Do you remember the time we had software?
Well, we used to have it but it is increasingly disappearing. What used to be software is increasingly moving to the cloud.
With that it transforms to software-as-a-service or simply SaaS.
SaaS is awesome.
Mostly done well, it can be accessed from our web browsers, has dedicated apps and is available on the common platforms (iOS, Android, desktop and most browsers).
SaaS is basically everywhere where we previously had (desktop) software.
Business Model Canvas
Some areas seem to be particularly well presented. Or shall we say over-presented? There are over 8,000 marketing solutions.
Looking at Crunchbase we will find over 25,000 SaaS companies.
And there are certainly many that have not even been listed there.
You can slice, dice and categorise these in many different ways. The above is how I have done it.
Let's now take a look at some of the major categories.
A very popular type of SaaS falls into productivity tools.
I am distinguishing between software that is more catering towards individual productivity and those that are catering towards team productivity.
There is of course no clear cut. You can use MS Word as an individual but also as a team that works concurrently on a document.
But it’s a safe bet that MS Office and similar products are still predominantly used for individual productivity.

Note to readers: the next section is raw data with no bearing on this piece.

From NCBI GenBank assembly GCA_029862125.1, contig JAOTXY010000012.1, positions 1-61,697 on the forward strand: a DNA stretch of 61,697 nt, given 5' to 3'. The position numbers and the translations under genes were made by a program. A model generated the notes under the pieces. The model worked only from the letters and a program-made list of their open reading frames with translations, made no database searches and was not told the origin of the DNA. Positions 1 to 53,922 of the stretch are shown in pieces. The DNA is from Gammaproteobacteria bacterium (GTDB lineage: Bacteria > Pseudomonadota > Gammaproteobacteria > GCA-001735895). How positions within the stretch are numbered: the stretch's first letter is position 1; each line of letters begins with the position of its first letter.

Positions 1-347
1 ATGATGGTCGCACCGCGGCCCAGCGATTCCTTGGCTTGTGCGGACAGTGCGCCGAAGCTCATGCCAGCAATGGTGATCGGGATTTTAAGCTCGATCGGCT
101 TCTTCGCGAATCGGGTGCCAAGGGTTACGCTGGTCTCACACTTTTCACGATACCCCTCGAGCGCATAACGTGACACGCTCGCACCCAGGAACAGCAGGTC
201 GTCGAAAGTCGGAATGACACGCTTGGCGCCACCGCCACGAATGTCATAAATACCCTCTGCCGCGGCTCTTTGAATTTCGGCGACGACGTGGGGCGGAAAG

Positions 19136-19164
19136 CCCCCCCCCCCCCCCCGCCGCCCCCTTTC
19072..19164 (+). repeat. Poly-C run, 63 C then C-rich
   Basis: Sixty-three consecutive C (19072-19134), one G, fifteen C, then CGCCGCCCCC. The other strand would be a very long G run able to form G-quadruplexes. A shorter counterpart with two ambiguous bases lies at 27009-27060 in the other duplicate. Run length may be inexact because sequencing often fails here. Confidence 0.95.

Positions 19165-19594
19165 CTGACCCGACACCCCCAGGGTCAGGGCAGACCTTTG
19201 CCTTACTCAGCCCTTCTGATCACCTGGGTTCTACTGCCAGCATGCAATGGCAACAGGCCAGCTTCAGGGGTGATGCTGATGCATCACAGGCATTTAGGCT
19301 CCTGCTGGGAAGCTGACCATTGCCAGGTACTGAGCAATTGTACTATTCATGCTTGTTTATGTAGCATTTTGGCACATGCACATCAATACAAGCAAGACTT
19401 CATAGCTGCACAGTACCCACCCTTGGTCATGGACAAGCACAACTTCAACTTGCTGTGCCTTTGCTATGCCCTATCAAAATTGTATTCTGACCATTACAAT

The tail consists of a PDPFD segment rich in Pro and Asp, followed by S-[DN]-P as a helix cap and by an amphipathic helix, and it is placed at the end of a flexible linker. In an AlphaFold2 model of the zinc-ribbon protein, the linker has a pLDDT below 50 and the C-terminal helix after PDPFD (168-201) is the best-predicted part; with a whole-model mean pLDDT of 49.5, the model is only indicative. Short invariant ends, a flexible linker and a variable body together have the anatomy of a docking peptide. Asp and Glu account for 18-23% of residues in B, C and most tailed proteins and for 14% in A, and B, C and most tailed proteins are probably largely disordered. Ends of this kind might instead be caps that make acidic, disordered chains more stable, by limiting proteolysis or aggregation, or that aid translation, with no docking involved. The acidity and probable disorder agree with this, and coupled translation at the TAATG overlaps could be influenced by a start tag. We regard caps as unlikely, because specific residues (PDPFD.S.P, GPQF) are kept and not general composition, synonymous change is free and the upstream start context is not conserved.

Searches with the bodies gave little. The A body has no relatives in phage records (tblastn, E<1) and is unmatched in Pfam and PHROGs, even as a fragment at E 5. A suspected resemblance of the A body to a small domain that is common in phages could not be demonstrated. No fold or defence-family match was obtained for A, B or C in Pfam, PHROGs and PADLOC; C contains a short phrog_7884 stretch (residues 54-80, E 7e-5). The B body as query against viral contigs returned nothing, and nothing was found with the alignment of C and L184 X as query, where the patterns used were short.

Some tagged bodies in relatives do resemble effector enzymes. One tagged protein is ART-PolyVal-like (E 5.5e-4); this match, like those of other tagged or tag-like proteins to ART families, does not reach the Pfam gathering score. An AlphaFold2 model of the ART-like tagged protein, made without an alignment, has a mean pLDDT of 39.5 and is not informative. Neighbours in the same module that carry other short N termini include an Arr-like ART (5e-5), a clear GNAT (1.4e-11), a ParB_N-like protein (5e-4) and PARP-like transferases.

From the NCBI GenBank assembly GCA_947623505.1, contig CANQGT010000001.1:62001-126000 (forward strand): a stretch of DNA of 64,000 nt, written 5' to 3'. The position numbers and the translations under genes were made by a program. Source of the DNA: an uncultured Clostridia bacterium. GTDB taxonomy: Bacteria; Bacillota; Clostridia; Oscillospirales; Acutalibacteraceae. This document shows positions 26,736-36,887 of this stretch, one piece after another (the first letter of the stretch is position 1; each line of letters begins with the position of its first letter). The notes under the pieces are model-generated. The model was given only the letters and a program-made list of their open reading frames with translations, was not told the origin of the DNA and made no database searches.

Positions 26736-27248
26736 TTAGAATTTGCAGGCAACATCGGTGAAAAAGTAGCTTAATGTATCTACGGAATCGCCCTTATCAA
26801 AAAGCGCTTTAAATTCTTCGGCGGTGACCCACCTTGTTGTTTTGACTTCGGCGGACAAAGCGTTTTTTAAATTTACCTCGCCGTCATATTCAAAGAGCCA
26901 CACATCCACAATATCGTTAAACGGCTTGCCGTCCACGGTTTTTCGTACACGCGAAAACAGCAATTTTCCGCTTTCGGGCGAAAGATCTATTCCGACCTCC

Then there is a growing landscape of team productivity SaaS.
Some of them, like Miro, dont even have single user licenses and the minimum user count is two.
These tools are very cool and exciting.
Other fantastic solutions in this space are: CLickUp, Slack, Monday, Trello and many others.
If you have used any one of these you know how engaging they are to use.
Then there are many project and team management type SaaS, communication SaaS etc
We have tools that lend themselves well to workflow management like Zapier and Box.
Box can also be categorised as a content management & integration tool. It can therefore combine abilities of many different tools. MuleSoft is another such tool.
Of course, we can add many more sub-categories to the overall category of productivity software.
Within each of the shown categories we can also list many more exciting tools.
Enterprise resource planning (ERP) / enterprise software
On the right hand side of the mind map we show the huge field of enterprise management software traditionally known as enterprise resource planning software or ERP.
It’s now often just called enterprise software.
Best known are SAP and Oracle.
But there are 1,000s of other companies in this space. there are
- 3,800 companies under “enterprise resource planning” on Crunchbase and
- 17,000+ under “enterprise software”.
Some have started by focusing on one area within the traditionally huge field of ERP.
Let’s take the space of human resources (HR):
- It now has grown so large that there are many subcategories with innumerable amounts of SaaS solutions.
- In fact, even the overall category runs under a few names, such as HR, human resources management (HRM) or human resources system (HRS) among others.
- Some focus on just one function, say payroll, wishin the field of HR.
- Others combine several functions and modules (take Workday).
- Some focus on small and mid-size companies and may endeavour to expand to larger businesses from there.
Typical modules of HR systems are:
- Leave management
- Expense management